EU Referendum: Reaction in the Calendar region

Follow Calendar's updates as Britain votes to leave the EU.

Live updates

Leeds Conservative MP Alec Shelbrooke: Referendum campaign 'the worst display of British politics'

Elmet and Rothwell Tory MP Alec Shelbrooke told Calendar the next Conservative leader does not necessarily have to be a Eurosceptic. Mr Shelbrooke added that the referendum campaign was "terrible on both sides".

Why immigration was a big factor as 75 per cent of Boston voted to leave EU

Boston has the highest proportion of Eastern European residents of anywhere in the country. Immigration was a major issue as the town voted overwhelmingly to leave the EU. James Webster spoke to people there about their reaction to the referendum.

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EU vote 'won't affect' current investment by Siemens in Hull – but may impact long term plans

Siemens has created 1,000 jobs by ploughing 400 million euros into a wind turbine blade factory on the banks of the River Humber in Hull. The company said the vote to leave the EU would not impact on current investment plans, but UK chief executive Juergen Maier said longer term expansion plans may be affected.

Uncertainty about economic prospects for Yorkshire and North Lincolnshire after Brexit

As the stock market tumbled following the UK's decision to leave the EU, predictions about the country's longer term economic prospects from those in the Calendar region varied today.

Katie Oscroft reports.

EU exit: What happens next

The news of our exit from the EU has been greeted with a mixed reaction across our region - with grim warnings from the financial sector of the impact the decision will have on our living standards.

Others though say that once the political upheaval is over - we'll be much better off. Katie Oscroft has been looking at what happens next.

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Leave voter: Great Britain will be better placed to make its own decisions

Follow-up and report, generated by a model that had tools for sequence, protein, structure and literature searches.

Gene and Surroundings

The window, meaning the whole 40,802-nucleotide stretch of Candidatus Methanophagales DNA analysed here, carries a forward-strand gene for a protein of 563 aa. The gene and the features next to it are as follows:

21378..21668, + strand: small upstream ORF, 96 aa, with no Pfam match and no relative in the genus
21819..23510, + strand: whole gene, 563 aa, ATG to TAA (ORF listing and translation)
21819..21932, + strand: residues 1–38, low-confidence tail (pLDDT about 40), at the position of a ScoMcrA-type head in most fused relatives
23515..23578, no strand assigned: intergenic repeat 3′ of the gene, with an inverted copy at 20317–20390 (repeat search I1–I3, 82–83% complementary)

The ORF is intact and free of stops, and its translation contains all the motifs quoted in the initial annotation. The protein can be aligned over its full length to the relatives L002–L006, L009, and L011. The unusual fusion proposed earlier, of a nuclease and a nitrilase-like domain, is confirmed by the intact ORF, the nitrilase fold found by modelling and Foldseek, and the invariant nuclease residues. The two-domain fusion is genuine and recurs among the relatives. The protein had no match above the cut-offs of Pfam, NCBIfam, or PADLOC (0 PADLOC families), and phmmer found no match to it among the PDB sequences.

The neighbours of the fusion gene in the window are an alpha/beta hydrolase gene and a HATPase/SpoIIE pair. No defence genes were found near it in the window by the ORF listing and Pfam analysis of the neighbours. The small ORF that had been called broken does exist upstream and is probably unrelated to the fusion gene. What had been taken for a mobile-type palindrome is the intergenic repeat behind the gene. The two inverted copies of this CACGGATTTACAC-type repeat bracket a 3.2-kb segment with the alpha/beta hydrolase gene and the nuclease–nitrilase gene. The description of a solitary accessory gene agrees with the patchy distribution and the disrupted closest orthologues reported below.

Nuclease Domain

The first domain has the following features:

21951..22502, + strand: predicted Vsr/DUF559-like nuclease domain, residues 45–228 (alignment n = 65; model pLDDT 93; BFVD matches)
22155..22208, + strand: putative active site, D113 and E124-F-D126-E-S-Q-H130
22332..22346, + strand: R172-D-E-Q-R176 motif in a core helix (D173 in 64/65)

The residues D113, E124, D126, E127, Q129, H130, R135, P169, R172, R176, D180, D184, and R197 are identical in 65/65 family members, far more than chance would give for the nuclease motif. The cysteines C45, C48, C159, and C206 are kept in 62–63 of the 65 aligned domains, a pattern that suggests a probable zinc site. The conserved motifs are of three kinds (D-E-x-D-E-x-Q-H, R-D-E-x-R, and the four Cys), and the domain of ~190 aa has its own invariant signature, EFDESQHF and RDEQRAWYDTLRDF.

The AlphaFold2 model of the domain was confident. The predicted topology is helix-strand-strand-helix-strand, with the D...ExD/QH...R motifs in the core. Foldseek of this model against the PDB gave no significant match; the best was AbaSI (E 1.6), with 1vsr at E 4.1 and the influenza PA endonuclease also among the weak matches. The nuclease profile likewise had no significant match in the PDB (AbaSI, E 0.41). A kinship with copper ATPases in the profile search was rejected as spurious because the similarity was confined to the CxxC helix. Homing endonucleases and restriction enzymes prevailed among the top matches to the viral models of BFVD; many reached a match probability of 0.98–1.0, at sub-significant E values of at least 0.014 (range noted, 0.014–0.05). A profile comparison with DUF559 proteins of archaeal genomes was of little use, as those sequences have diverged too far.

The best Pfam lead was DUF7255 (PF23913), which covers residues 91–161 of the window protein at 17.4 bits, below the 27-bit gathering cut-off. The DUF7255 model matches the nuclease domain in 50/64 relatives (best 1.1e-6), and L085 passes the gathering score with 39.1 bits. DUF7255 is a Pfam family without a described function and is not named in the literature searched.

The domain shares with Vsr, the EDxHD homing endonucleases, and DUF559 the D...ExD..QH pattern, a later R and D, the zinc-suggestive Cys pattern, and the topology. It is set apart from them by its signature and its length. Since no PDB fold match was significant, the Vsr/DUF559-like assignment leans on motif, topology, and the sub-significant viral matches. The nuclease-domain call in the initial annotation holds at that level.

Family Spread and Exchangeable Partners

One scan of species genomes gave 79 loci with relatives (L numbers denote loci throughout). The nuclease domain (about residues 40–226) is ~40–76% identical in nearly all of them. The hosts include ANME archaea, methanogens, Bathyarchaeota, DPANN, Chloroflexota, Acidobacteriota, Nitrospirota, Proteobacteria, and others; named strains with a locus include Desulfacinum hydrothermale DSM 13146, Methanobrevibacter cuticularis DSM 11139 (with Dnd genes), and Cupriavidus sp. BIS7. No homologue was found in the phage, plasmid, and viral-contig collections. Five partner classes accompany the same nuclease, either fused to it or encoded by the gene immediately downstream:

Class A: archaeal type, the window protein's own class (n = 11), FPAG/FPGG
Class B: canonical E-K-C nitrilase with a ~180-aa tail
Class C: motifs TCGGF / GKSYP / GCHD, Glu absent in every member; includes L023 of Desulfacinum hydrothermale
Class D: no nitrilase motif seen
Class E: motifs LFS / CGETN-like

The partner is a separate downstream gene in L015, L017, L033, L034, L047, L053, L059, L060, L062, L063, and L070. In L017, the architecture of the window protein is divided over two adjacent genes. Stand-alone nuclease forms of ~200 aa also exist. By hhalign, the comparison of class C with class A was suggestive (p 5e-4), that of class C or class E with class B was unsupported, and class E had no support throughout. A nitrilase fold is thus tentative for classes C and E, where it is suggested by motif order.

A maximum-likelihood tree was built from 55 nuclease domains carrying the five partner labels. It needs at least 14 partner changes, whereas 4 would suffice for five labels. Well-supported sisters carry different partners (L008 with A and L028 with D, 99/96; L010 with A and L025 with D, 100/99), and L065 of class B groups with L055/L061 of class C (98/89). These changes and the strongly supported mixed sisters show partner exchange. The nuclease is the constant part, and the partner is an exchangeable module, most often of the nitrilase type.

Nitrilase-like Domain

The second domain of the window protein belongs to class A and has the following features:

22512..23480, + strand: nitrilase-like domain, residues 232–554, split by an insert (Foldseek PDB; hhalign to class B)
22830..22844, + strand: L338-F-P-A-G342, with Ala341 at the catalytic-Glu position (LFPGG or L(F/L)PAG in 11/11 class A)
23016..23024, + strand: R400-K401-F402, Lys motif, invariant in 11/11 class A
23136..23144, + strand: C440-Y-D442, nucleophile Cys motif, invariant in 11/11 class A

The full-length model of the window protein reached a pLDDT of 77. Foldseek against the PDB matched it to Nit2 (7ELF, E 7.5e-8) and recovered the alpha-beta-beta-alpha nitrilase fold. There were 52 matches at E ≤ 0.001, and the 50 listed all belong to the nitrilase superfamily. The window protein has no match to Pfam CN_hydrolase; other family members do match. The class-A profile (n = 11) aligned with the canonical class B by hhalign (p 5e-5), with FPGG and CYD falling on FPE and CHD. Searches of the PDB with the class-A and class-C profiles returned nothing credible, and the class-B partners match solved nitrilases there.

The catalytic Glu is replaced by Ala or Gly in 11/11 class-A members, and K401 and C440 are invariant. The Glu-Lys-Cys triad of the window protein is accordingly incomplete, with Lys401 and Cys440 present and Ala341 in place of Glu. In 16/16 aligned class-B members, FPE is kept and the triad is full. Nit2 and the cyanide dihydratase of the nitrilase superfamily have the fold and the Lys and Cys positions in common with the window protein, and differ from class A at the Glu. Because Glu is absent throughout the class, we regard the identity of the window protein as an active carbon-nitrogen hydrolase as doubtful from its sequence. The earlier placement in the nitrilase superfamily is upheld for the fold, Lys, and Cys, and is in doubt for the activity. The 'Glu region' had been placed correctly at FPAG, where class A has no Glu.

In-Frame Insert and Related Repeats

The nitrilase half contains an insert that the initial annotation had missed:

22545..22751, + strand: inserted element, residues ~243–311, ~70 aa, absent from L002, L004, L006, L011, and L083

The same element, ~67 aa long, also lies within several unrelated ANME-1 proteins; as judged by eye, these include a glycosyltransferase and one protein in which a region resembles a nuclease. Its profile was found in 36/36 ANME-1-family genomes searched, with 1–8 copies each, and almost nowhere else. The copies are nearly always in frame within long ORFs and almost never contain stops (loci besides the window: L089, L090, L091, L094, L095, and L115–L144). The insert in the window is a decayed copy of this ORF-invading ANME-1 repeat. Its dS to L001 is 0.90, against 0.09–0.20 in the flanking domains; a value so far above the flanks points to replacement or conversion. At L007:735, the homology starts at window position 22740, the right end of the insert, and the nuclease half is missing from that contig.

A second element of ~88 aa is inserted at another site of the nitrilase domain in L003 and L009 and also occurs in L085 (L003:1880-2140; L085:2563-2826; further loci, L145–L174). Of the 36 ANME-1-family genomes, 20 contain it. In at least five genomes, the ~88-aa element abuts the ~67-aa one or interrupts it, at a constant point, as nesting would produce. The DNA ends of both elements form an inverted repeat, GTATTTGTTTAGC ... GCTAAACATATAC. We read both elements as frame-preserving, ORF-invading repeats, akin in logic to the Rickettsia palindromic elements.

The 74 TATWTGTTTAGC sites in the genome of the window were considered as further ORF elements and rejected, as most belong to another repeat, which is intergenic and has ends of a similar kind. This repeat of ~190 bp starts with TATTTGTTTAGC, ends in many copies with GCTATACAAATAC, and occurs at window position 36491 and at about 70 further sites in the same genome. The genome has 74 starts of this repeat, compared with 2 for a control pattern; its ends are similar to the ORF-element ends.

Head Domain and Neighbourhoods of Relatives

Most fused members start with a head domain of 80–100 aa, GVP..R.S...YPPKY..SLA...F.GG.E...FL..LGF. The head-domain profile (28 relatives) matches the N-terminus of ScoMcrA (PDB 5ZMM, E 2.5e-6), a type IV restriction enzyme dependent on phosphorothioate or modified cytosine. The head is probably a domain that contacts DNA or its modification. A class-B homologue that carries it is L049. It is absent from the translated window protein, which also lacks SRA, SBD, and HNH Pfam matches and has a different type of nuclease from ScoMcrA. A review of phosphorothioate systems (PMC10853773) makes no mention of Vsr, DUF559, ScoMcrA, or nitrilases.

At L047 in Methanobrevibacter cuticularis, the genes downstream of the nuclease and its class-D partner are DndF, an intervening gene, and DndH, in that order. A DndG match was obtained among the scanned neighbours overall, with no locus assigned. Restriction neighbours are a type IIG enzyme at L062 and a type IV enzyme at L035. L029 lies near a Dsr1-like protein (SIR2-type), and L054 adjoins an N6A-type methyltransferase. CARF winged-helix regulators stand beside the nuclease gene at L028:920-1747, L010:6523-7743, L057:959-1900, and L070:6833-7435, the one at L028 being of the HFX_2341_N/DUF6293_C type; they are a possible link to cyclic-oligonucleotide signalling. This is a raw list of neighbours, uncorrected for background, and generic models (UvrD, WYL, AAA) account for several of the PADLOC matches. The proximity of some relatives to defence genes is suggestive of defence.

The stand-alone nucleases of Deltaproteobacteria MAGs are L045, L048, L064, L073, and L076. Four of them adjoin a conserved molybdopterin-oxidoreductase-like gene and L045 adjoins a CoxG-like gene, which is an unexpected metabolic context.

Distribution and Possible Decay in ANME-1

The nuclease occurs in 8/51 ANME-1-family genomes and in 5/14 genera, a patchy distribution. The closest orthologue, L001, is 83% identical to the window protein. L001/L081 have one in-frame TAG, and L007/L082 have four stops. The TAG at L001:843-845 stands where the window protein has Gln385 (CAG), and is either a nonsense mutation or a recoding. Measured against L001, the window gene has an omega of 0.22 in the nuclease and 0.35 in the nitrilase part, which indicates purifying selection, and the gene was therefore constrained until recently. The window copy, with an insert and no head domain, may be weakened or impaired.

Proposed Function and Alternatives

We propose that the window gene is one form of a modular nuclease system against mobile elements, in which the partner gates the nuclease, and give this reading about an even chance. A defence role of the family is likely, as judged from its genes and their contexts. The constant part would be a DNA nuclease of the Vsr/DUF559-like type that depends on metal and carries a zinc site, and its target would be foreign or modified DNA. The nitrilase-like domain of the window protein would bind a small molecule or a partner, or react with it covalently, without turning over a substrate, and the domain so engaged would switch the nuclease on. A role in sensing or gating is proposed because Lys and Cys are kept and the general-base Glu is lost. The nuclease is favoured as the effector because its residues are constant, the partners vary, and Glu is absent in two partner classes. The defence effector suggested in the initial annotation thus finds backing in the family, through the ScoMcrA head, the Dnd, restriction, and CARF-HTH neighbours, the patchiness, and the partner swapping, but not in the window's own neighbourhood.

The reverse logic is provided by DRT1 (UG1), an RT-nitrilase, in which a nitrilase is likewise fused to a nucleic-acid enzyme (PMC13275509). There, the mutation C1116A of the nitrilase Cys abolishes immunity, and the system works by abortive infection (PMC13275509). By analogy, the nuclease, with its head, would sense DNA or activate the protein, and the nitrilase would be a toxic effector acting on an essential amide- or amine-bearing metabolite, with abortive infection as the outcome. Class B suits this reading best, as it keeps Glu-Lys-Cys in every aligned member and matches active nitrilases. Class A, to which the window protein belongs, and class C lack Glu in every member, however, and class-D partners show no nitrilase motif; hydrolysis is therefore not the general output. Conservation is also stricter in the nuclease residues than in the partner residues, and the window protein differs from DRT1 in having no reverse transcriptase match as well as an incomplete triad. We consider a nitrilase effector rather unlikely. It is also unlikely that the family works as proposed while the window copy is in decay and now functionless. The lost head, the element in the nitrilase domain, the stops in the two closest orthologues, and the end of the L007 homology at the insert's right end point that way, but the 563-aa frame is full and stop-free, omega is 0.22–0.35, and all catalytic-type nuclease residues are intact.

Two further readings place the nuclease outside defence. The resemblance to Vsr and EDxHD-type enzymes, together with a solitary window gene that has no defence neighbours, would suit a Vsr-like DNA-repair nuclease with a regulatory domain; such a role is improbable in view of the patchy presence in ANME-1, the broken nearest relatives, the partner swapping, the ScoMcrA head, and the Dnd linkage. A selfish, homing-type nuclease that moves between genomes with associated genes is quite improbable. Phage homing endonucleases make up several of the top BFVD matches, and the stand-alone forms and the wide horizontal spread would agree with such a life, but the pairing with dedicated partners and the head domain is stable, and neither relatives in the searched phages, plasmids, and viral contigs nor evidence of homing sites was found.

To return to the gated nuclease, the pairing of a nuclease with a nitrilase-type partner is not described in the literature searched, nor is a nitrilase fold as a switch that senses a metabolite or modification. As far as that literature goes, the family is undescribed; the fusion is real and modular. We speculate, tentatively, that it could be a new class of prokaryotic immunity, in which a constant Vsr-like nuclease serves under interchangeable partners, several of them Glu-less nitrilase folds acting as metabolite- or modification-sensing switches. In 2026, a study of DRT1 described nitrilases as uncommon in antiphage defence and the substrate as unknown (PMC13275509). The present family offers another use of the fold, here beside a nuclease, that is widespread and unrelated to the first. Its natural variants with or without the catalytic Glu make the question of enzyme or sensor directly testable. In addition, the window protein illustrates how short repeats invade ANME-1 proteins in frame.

Kara Terry, a pet sitter and dog walker from Lincoln, says she chose to vote Leave because she wants the UK to be able to "govern its own destiny."

Ultimately I decided to vote out in the EU Referendum, many because I believe by coming out of the EU, Great Britain will be better placed to make its own decisions, and govern its own destiny.

– Kara Terry

Hull City Council focuses on 'safeguarding investments' flowing into city

The leader of Hull City Council has released a statement saying the council is focusing on ensuring investment will continue flowing into the city after the country leaves the EU.

Following the referendum result, Hull City Council remains completely focused on safeguarding the huge investments and developments now flowing into the city.

In particular, we want to secure the long-term future of our new, green energy industries and to ensure that Hull is well placed to maximise the potential of its year as UK City of Culture.

As a major international trading port, our relationship with Europe is critical to maximising the prosperity of the city, Yorkshire and the Humber and, indeed, the UK.

Whilst we must wait to see what the timetable and negotiations around the UK’s exit will bring, we are determined, working with our businesses and other stakeholders, to do everything possible to ensure that Hull maintains the momentum of regeneration and job creation that is now happening in the city.

– Councillor Stephen Brady
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Yvette Cooper: UK in 'deep and dangerous waters'

The outcome of the EU referendum has thrown the UK into "difficult and dangerous waters", Labour MP Yvette Cooper has said.

The MP for Normanton, Pontefract and Castleford repeatedly dodged questions she was asked about Jeremy Corbyn's leadership of her party, instead insisting that the priority now was to "put the country first" and to work above party politics to ensure that the UK did not fragment in a "deep and dangerous way".

We have to respect the decision the country took, no matter how disappointed we might feel about it.

– Labour MP Yvette Cooper on the leave outcome

Ms Cooper added that trade unions would now need to work with the Government to ensure that "Labour communities are protected". The MP continued that the country was deeply divided over immigration.

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Labour MPs table motion of no confidence in Corbyn

Labour MPs Ann Coffey and Dame Margaret Hodge have submitted a motion of no confidence in party leader Jeremy Corbyn

Two Labour MPs have submitted a motion of no confidence in party leader Jeremy Corbyn.

Margaret Hodge tabled the motion, her office has confirmed. It was seconded by Ann Coffey.

Earlier, Labour Leave campaigner Gisela Stuart used a victory address to call on party leaders to "reflect on how they represent the views of voters."

Without naming Mr Corbyn, she said: "It is now incumbent to all party leaders to also reflect to what extent they are representing and reflecting the views of the voters."

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